In a significant shake-up of their defensive coaching staff, the Seahawks are expected to part ways with defensive coordinator Ken Norton Jr. and defensive passing game coordinator Andre Curtis, sources close to the team told The Seattle Times.

Clint Hurtt, Seattle’s assistant head coach/defensive line coach, is expected to be a candidate for a promotion as the new defensive coordinator, a source told The Times. Veteran NFL assistant Ed Donatell is also on the shortlist of candidates to replace Norton, sources told The Times.

Norton, 55, has overseen the Seahawks defense for the past four seasons, with mixed results. 

En route to a disappointing 7-10 finish this season, the Seahawks defense got off to a historically bad start for the second year in a row, surrendering an average of 451 yards through the first five games, on a pace to allow the most yards in NFL history.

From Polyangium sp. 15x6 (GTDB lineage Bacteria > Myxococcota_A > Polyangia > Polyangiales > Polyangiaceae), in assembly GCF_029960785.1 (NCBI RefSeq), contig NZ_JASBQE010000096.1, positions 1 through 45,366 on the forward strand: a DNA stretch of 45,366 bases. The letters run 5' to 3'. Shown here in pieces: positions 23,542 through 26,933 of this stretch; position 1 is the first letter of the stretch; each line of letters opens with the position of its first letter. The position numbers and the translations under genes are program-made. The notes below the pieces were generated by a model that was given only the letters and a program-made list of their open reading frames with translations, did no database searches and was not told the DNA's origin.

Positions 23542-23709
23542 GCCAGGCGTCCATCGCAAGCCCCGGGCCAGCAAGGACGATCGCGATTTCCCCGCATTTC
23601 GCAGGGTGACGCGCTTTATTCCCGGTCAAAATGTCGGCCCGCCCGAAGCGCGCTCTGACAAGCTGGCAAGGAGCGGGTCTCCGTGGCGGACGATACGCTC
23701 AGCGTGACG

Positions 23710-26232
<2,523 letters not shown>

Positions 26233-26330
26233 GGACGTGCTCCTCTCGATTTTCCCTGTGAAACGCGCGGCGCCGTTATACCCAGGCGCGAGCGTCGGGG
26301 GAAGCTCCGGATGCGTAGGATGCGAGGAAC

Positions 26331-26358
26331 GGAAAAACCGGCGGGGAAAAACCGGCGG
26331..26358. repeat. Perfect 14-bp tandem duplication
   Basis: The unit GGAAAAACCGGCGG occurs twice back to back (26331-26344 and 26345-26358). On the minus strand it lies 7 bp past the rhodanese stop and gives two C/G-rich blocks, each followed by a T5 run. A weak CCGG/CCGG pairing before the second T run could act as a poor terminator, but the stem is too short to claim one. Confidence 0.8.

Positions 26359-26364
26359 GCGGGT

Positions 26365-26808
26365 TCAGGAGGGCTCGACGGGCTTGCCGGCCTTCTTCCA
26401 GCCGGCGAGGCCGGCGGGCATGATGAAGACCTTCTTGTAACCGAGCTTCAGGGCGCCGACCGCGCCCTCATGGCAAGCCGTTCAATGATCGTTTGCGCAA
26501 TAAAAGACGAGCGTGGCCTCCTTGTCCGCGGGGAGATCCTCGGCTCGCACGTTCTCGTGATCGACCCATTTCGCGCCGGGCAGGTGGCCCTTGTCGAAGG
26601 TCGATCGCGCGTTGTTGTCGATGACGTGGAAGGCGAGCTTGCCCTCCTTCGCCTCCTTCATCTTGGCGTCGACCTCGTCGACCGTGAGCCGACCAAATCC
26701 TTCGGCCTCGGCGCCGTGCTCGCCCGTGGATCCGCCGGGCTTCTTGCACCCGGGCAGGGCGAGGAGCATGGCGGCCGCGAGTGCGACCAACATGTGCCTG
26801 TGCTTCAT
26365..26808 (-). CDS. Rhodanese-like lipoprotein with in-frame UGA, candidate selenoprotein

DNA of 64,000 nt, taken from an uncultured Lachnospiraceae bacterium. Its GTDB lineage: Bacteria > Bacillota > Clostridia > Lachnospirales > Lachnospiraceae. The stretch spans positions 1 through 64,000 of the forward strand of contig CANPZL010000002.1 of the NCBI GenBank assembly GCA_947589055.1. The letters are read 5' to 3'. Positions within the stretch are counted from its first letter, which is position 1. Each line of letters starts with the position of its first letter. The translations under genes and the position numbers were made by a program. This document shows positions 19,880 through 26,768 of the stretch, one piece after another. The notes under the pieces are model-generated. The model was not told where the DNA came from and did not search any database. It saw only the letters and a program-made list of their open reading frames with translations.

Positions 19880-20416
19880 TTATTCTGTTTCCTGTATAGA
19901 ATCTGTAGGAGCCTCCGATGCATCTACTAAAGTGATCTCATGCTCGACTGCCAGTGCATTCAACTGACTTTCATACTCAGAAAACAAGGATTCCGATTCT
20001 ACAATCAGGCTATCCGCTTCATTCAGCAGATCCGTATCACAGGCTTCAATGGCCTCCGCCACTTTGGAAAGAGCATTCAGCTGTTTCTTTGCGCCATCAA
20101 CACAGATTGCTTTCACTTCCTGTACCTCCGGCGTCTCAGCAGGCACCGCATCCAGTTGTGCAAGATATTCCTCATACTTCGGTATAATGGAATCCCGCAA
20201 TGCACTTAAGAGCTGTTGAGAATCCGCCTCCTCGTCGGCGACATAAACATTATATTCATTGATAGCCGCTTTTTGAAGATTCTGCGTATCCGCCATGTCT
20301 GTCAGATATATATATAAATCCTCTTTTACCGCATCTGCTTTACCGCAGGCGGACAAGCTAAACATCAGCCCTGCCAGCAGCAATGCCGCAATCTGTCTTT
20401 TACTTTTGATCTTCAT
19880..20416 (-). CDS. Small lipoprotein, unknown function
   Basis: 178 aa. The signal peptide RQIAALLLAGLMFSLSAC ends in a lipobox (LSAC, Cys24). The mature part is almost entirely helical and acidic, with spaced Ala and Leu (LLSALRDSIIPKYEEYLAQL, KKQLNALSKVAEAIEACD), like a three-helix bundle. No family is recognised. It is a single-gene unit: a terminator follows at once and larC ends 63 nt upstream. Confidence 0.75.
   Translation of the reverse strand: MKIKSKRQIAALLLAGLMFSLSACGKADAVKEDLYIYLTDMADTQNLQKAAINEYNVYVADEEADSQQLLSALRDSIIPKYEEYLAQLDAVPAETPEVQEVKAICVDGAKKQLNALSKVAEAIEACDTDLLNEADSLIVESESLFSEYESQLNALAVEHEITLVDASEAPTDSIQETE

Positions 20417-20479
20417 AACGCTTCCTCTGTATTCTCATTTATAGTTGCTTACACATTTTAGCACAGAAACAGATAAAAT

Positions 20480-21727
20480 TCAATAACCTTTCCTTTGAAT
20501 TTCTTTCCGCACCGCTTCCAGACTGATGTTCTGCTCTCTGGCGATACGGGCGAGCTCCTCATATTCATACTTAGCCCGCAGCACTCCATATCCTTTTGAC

But for the second season in a row, the defense rebounded with a strong second half and finished the 2021 regular season ranked No. 11 in the NFL in points allowed (21.5 per game).

Still, the Seahawks finished the season allowing 379.1 yards per game, the second most in team history behind only the 399 of the 2001 team.


That ranked 28th in the NFL and continued a decline in defensive numbers in recent years.

Seattle finished 22nd in the NFL in yards allowed 2020, 26th in 2019 and 16th in 2018 after finishing no lower than 11th from 2011 to 2017.

Seattle specifically struggled with its pass defense, ranking 31st in the NFL in yards, allowing 265.4 per game and undergoing a complete revamping of the team’s cornerback position after the third game of the season. That was second highest in team history after the 2020 team that allowed 285 yards per game.